Donna: Hearing loss is connected to increased social isolation and loneliness, balance issues, and fall risk if left untreated. Emerging evidence associates untreated hearing loss with diminished brain health and mental sharpness. Addressing and appropriately treating hearing loss is vital for healthy aging.

Specifically, within our study, we found participants 12 months post-CI experienced a statistically significant improvement in not only speech perception but also in other quality of life metrics, like being able to converse in small groups of friends, talking on the telephone, music enjoyment, and chatting with grandchildren.

How can a patient previously evaluated and told they didn’t qualify for the cochlear implant get a new evaluation?

Donna: Many CI clinics are nationwide; click here for a listing near you.

What’s next?

Donna: Today, we’re focused on increasing awareness of this recent Medicare expansion to help more people hear. We’re also building partnerships to advance understanding of cochlear implantation. We are grateful for the response from hearing health professionals who work in various settings, including those who do not provide cochlear implant care but want to ensure people have the right technology at the right time.

Ann Liming 3 W
Ann Liming, right and her niece enjoying their conversation | Photo provided by Ann Liming

Now let’s hear from Ann Liming, 81 years young, from Grand Rapids, Mich., as she shares her experience with her cochlear implants and how it has changed her life.

Would you mind confirming your hearing loss diagnosis?

Ann Liming: Progressive hearing loss.

How did you discover cochlear implants, and did anyone in your life inspire you to get one?

Ann: I learned about cochlear implantation from my older sister, who was diagnosed with hearing loss while still in high school.

Can you describe how you became a part of the CED study?

Ann: I have been an active Hearing Loss Association of America (HLAA) member, participating in the HLAA Lansing Chapter in Michigan and attending national and state HLAA Conventions for a long time now. I witnessed firsthand CI’s life-changing benefits for people I knew at the various HLAA meetings and conventions I’ve attended.

When I received my initial evaluation for a CI, I didn’t qualify because I had too much hearing under Medicare criteria. And yet, under a typical private-employer insurance plan, I would have been authorized for a cochlear implant. After visiting a friend who experienced a similar disappointment, I returned to the CI clinic for reevaluation. I still didn’t qualify under the Medicare rules, but I learned of the Medicare coverage expansion study and was invited to participate!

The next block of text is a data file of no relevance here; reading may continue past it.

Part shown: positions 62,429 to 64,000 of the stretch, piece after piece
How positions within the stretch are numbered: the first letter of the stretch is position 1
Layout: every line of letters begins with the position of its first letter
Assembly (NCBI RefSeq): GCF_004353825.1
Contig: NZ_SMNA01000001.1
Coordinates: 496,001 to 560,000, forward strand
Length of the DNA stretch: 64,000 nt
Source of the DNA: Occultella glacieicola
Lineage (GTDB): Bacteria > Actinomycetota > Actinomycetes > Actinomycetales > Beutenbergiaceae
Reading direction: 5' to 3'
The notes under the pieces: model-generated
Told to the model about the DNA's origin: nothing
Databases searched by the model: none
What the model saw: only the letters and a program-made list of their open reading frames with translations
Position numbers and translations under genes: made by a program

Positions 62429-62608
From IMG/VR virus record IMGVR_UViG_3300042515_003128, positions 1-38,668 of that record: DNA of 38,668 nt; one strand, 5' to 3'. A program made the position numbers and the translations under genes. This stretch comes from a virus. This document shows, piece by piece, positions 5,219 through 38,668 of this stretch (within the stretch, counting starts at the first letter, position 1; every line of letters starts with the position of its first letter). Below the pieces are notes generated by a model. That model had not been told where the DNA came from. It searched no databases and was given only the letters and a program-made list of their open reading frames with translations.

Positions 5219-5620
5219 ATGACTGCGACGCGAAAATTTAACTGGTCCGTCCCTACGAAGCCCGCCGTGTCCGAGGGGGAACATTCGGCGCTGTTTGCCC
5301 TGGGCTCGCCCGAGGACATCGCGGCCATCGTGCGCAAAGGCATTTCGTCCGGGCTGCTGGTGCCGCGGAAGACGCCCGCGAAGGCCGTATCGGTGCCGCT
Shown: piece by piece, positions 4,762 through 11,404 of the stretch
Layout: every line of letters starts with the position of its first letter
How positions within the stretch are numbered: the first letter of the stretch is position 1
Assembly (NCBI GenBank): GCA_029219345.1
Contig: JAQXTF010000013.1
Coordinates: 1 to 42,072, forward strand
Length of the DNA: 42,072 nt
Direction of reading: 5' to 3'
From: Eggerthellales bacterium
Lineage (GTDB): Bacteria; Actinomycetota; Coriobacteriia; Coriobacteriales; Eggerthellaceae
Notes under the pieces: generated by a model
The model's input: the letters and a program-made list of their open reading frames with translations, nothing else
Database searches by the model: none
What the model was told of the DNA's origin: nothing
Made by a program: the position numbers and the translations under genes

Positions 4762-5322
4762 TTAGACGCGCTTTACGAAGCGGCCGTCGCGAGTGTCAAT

What was it like participating in the study?

Ann: CMS covered my evaluation, device, surgery, and follow-up care, just as it would for any eligible Medicare beneficiary. I followed my clinic’s guidance on rehab protocol and listening practice to best adapt to my CI hearing with apps and audiobooks.

What is your life like now after receiving your CI?

Ann: I currently hear with a CI on one side and a hearing aid on the other ear, but I am now considering a second CI!

I am far more confident now, have a greater feeling of independence, and don’t shy away from the small group gatherings I participate in. I feel people are more at ease communicating with me and that my input is valued. I used to think people talked around me or treated me like I wasn’t there because they did not know how to deal with my hearing loss. I can comfortably and confidently make phone calls to businesses and medical practices without the fear of struggling and possibly misunderstanding information.

I find it much easier to ask for communication assistance. Masks muffle voices, and I can easily ask people to lower their masks when talking to me. I hear much better in large groups with no listening system and don’t feel I am a burden when I ask someone to repeat a portion of what was said. I don’t dread going places and doing things with family and friends. Perhaps I would say I am happier, more active, and feel younger mentally.

If you could share one piece of advice with the hearing loss community, what would it be?

Ann: If someone needs a CI and qualifies for one, you mustn’t put it off. I’m grateful to share my story, and I feel like my CI has been a gift to me.


Donna L. Sorkin

Donna L. Sorkin, M.A., is the executive director of the American Cochlear Implant Alliance (ACIA), a national organization devoted to expanding access to cochlear implantation for all who may benefit. She hears with a cochlear implant and has a long career in advocacy for people with hearing loss at nonprofits, including as former executive director of HLAA and for-profit entities. She has served on federal, corporate, and university boards, including the U.S. Access Board as a presidential appointee, the National Institute of Deafness and Other Communication Disorders at the National Health Advisory Board, and the Gallaudet University Advisory Board.

Related Articles

Back to top button